(Image: Google Street View. Remains of Crimean War Memorial column in Addy Street)
In a small park, adjacent to Addy Street in Sheffield, South Yorkshire, lies a series of cylindrical stone blocks whose presence seems at odds with the modern housing development that surrounds it. Indeed, this oddity is the remains of a grand column that, many assumed, had disappeared from the Sheffield street scene decades ago. The column was part of the city’s Crimean War Memorial, and supported a statue of Queen Victoria that has itself languished in a council storage facility since 2004.
The impressive memorial, which depicts Victoria as the personification of the mythological Victory, first stood at Moorhead, in Sheffield city centre. It was built in 1857 by a public subscription of £1,400 to commemorate those who fell during the bloody Crimean War of 1854 to 1856. Florence Nightingale, the prominent English social reformer and founder of modern nursing, was among the donors.
(Image: Google Earth)
But as Sheffield underwent major redevelopment in the decades after World War Two, the changing face of Moorhead saw the monument dismantled and removed, its constituent parts relocated or – perhaps – even disposed of. A 2015 letter to the editor of the Star newspaper asked where the missing sections of Sheffield’s Crimean War Memorial had gone. Meanwhile, some contributors to this passionate thread on the local history forum suggest that, not only should the statue reemerge from storage, it should also be restored to its former glory.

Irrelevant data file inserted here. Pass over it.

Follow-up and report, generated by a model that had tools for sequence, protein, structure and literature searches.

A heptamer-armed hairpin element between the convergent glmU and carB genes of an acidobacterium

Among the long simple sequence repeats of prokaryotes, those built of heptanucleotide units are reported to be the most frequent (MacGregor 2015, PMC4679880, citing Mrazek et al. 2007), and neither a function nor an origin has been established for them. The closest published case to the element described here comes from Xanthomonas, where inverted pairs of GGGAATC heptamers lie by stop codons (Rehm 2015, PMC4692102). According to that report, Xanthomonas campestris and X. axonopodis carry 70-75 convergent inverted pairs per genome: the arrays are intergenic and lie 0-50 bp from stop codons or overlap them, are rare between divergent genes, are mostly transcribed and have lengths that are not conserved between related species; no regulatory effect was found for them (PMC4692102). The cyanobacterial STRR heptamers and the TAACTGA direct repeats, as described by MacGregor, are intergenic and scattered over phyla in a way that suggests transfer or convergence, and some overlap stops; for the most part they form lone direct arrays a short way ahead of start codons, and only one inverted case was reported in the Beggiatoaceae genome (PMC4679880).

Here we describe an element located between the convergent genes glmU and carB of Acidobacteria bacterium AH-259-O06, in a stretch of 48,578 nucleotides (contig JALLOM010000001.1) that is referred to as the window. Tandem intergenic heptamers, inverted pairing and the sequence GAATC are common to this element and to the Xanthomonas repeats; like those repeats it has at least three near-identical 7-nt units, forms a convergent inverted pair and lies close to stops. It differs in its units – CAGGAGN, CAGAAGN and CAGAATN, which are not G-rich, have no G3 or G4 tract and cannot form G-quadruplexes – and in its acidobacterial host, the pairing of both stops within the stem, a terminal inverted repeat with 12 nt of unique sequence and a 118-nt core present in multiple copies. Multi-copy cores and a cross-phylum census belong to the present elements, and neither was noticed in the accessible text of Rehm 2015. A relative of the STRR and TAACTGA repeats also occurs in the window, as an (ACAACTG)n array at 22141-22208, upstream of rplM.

(Image: Google Street View)
In the meantime, the surviving sections of the grand 18-foot-high column can be found on Addy Street in the Upperthorpe area of Sheffield, near the Ponderosa. Before that, the Aberdeen granite drums formed an unusual playground in nearby Hammond Street.
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